What is it that attracts you to a book? Is it the content? The writing style? The cover? Maybe it's the memories conjured up by the book, or the autograph inside, or the year it was printed. For me it's the physical book's journey, its place in time. For John Gilkey, book thief, it was because he believed that owning a collection of rare books would make him a cultured gentleman in the eyes of others. Over a period of years, Gilkey used carefully stolen credit card receipts to acquire a fortune in rare books from sellers all over the country.
Triggered by a chance encounter with a 400-year-old German library book, journalist Allison Hoover Bartlett began researching the rare books trade, and was drawn down the rabbit hole (so to speak) into a fascinating world of literature, history, capitalism, obsession, and crime. The result is her 2009 narrative nonfiction book, The Man Who Loved Books Too Much -- the story of John Gilkey's addiction, and what it took to catch him. Along the way, she talks with dealers at book fairs and owners of rare book shops, sharing with us the tidbits and anecdotes she learns, like when the dust cover was introduced, how to identify a real first edition, why eBay isn't the best place to buy rare books, why some books are more valuable than others, etc.
In The Man Who Loved Books Too Much, Bartlett introduces us to Ken Sanders, a determined book-dealer-turned-detective who provides Bartlett with the background to Gilkey's story. As the Security Chairman for the Antiquarian Booksellers Association of America (ABAA), Sanders was instrumental in setting up the notification system that was used to identify and eventually capture John Gilkey. Bartlett contacted Gilkey in prison, and, to her surprise, was granted an interview. He was, in fact, eager to tell his side of the story. Over the next two years Bartlett met regularly with Gilkey-both in and out of prison-and tried to discover what makes this man tick. Her interviews with Gilkey reveal just how deluded he is.
As the pace begins to quicken, Bartlett skillfully tells the tale from both points of view. The actions and urgency of Sanders (as well as the other owners and the police) are juxtaposed with Gilkey's thought processes and movements, until Gilkey is cornered.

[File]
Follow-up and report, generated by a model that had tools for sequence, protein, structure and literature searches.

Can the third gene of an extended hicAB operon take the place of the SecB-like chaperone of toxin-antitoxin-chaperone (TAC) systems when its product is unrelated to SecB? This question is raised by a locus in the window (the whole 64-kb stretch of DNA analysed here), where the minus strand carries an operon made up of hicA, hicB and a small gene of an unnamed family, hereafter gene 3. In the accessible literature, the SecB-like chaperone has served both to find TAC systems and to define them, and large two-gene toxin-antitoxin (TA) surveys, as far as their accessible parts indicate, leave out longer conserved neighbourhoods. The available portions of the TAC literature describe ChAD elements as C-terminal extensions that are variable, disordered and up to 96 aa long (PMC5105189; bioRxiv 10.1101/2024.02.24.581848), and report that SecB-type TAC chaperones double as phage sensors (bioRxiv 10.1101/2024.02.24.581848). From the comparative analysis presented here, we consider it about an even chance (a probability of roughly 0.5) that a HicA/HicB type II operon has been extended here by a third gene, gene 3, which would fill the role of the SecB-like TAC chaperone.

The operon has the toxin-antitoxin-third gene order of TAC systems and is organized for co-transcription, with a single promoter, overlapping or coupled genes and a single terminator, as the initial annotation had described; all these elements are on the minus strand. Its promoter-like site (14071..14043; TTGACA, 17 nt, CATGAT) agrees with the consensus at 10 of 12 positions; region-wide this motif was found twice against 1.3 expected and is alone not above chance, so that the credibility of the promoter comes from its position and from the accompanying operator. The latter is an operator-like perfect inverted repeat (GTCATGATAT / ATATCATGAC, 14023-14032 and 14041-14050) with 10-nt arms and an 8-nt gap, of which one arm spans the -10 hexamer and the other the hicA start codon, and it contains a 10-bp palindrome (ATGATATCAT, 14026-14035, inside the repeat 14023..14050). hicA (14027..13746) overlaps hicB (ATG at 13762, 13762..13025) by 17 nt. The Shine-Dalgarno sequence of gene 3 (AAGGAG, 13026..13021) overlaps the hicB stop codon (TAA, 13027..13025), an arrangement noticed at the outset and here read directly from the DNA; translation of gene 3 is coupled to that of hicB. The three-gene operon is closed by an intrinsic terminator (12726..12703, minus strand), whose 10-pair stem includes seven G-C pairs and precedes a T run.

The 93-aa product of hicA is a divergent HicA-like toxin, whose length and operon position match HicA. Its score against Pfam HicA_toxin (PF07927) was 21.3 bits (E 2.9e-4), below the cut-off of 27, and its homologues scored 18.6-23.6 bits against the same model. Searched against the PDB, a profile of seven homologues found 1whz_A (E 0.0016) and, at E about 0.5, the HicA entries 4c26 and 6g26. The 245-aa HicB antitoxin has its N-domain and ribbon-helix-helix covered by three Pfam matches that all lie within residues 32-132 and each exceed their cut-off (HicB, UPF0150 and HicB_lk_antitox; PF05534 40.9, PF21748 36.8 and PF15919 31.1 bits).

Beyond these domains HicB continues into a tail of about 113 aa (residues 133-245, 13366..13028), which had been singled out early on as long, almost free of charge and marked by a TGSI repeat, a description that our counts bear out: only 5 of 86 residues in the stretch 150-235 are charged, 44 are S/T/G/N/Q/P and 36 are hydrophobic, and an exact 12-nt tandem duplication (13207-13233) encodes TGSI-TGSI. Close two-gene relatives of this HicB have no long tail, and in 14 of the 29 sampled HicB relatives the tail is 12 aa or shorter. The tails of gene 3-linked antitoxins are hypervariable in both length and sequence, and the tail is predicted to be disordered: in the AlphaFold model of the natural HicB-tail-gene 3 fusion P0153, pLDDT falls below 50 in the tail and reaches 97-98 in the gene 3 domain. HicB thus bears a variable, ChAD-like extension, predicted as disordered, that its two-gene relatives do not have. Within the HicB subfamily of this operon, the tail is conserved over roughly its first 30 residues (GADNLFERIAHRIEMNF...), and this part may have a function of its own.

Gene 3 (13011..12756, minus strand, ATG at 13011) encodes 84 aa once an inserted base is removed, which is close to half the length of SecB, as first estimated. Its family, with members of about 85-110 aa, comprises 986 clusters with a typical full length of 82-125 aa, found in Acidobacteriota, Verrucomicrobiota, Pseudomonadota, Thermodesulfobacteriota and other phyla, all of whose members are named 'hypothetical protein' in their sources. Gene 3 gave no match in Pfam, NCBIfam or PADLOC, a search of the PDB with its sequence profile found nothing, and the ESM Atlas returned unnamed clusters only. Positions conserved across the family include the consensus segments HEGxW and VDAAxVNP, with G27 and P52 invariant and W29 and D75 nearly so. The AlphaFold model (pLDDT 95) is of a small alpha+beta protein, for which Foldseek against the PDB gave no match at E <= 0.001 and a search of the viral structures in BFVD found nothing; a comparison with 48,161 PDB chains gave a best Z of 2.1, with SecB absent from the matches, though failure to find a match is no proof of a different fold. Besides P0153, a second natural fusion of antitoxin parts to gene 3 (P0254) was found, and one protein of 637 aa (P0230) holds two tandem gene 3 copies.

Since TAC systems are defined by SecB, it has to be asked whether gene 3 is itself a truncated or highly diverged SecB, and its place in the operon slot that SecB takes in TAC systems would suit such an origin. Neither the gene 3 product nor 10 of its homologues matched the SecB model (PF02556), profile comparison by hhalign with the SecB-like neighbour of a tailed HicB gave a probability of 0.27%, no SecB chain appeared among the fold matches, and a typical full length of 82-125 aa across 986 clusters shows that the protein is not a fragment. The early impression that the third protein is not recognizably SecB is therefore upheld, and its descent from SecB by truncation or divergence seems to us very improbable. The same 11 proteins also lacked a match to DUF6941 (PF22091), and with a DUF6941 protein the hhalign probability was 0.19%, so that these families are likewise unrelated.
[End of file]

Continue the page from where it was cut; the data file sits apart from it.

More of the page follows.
But the story doesn't end when Gilkey is finally caught. His prison sentence is not lengthy, and he is back on the streets with new ideas about how to "get" the books that he feels he deserves. He continues to meet with Bartlett, and reveals a little more of himself each time. Eventually, Bartlett worries that she has become part of the story. Gilkey knows she is writing a book about him, and he continually speculates about how it should end. As it turns out, the story will continue as long as Gilkey is alive and on parole, and as long as some of the stolen books remain hidden.
Gilkey's case is an interesting one, and Bartlett's introspective style suits the story very well. Most revealing are her discourses on related subjects: the various reasons why people collect rare books; books as historical artifacts; why ebooks will never completely replace hardcover books; what certain books mean to her children; and whether she could succumb to the collecting bug. The narrative is thoroughly researched, with references noted at the end. In fact, reading through the references reveals even more information that didn't quite fit in the story.
Here at the library, we often receive boxes of donations when patrons are cleaning out the homes of elderly relatives who have passed away. Some of the older books have beautiful embossed covers and interesting illustrations. You can be sure that when the next box of donations arrives we will be searching for hidden treasure...!
Recommended by Angela Prandini